Stuff of Life: Love the place you live

I'm not the biggest fan of apartment living, mostly because I'm not the biggest fan of people. Living in rabbit hutches so close to people. People stomping around above our heads. People parking too close to our trucks. People letting their dogs do their business outside our window during breakfast.

I dream ALL DAY about getting out of here to the point that I sort of neglected our little abode, be it ever so humble. I didn't really decorate. I let plants wither in the heat. I had very little pride in living here because I just don't really want to live here.

Does that even make sense?

I watched the Hobbit with the kids this past week. On top of that, Gandalf got me thinking about a poster in my bestie's house back when we both lived in Alaska. I loved her house. It had dark woods and Baggins colors and all the comforts of a hobbit home. It made me miss her so bad that I had to watch the movie a second time and drink 32 cups of tea.

How many of you can claim you decided to love your house because of a fantasy movie and memories of days spent with your best friend? Never thought I could, either. But I sat dreaming about my farmhouse and my acreage (that I WILL have) and I began to think about decorating it. I've never dreamed about how I would decorate stuff. If it were up to me, I'd still have a Patrick Ewing poster stuck to my wall with pushpins.
I haz no style.

But I fell in love with the dark woods and earthy vibe of Bilbo Baggins' home (it is a hole, afterall). And I wanted a hobbit hole all of a sudden. So I spent three days pulling 13 bags of toys/clothes/trash from the house and dusted off those poor plants and brought them inside and pruned them, watered them, repotted them, and pulled out all the art and knick knacks I never bothered to unpack from Alaska and began rearranging this place.

I have a really long way to go, but I woke up today and I don't hate this place so much. Sure, I hate the concrete jungle full of ambivalent neighbors and serial lawn poopers, but I don't hate what's inside our walls. It's homey and warm (hot, actually, but that's Houston). It's not nearly as drab and lacking character.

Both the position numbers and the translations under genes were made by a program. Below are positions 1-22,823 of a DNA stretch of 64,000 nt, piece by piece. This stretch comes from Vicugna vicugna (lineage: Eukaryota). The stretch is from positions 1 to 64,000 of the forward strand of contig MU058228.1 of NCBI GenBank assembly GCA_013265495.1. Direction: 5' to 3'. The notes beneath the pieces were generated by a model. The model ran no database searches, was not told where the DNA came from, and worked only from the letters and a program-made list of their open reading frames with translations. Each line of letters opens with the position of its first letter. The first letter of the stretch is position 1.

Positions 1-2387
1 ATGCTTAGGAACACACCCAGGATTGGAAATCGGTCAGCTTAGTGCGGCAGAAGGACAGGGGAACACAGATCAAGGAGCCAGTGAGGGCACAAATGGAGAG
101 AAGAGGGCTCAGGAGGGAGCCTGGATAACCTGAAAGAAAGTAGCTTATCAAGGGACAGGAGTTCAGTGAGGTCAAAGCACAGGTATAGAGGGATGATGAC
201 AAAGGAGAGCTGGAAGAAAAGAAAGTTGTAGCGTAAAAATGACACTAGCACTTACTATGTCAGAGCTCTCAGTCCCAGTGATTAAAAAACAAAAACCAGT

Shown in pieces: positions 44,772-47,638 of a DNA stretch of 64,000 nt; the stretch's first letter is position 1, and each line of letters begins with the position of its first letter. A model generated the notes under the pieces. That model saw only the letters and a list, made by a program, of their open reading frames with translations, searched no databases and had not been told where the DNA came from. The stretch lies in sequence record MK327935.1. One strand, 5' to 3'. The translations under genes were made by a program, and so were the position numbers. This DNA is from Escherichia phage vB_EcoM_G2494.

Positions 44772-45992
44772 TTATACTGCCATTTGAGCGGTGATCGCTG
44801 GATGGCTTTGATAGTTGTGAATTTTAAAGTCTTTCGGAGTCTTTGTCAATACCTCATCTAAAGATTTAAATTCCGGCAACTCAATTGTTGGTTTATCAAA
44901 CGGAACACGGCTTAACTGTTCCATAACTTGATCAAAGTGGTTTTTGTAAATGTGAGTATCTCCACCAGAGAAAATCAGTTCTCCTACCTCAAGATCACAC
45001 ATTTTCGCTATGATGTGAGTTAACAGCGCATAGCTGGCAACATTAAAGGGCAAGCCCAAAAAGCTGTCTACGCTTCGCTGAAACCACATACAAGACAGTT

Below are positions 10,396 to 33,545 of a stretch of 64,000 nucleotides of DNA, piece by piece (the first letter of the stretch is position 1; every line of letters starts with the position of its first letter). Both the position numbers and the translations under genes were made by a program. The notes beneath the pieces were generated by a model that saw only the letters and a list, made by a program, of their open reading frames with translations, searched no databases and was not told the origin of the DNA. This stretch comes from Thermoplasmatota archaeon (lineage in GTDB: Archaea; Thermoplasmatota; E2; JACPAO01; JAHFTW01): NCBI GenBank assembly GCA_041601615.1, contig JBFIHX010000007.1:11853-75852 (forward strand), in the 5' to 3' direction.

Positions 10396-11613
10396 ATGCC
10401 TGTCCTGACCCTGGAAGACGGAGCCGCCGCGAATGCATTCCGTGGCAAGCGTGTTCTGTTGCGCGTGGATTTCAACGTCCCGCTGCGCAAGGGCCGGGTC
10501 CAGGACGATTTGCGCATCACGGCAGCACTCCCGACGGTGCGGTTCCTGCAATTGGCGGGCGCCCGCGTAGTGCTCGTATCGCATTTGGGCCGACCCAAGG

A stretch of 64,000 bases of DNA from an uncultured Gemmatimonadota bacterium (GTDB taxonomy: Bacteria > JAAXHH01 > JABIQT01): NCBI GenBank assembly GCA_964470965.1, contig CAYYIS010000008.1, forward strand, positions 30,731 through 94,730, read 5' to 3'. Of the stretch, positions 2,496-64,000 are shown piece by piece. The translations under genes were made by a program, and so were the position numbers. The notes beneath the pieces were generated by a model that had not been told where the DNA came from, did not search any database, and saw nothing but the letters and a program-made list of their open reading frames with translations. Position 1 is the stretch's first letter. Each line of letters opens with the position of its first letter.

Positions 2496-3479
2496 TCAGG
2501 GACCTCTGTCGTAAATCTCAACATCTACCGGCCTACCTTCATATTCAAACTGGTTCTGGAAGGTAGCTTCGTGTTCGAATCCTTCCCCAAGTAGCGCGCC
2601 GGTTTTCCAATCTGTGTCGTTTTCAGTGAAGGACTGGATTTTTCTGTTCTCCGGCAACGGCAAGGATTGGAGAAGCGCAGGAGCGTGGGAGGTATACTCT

It's a start, anyway.

 photo signature_zps3807abdd.jpg

Sunday, August 18, 2013

Stuff of Life: Art and Vikings We Have Known

So, about a week ago, baby number Four (we call her Ninja), swallowed a penny. It was a nightmare and I'll relive it here another day. But not today.

Today, I just want to talk about my viking obsession and how all I seem to be able to do (creatively) is embroidery. I love it. It's freeing and loosey goosey and right up my alley. And soon I'm going to experiment combing what I doodle sketch with some mixed media sewing. But for now, I do a lot of doodle sketching. Here's a viking I finished this weekend based on an old housewares design that I revamped a tad.

From there, I created a couple of mugs based on those old designs. I know, I know....I swore off the Etsy shop after the Christmas insanity, but I missed it. And I missed making new designs.

Here are the two new fellas. You can find the listings to the Etsy shop here: Coffee Mug: Olaf the Viking of Love and Coffee Mug: Sven the Musical Viking.

The girls are growing. I mean, they're ALL growing, but the girls are growing in badness it seems. One is swallowing pennies and the other is dumping out all of the boys' new school supplies and making it rain shredded facial tissue in their room when no one is looking. Nightmare, folks.

The only way I get a moment of peace to stab my fingers with an embroidery needle is when I have them preoccupied. They like art lately. Along with that other stuff I said...

Have a great week!

  photo signature_zps3807abdd.jpg

Sunday, August 11, 2013

Dominic's Worgen Adventure

Dominic and I worked on a short story about a year ago...when he was still in the second grade. It was about our favorite game and we spent a few weeks working out characters he liked and coming up with drama for them. He used all the writers' tools...brainstorming, drafting, and daydreaming. In the move, we lost all the info we'd come up with. BUT, we finally found his notebook and he took his second grade story and looked at it and rewrote it with fourth grade eyes today. He even typed it up. He's pretty proud of it and, well, I am too...

The Worgen Adventures of Sasur Battlemane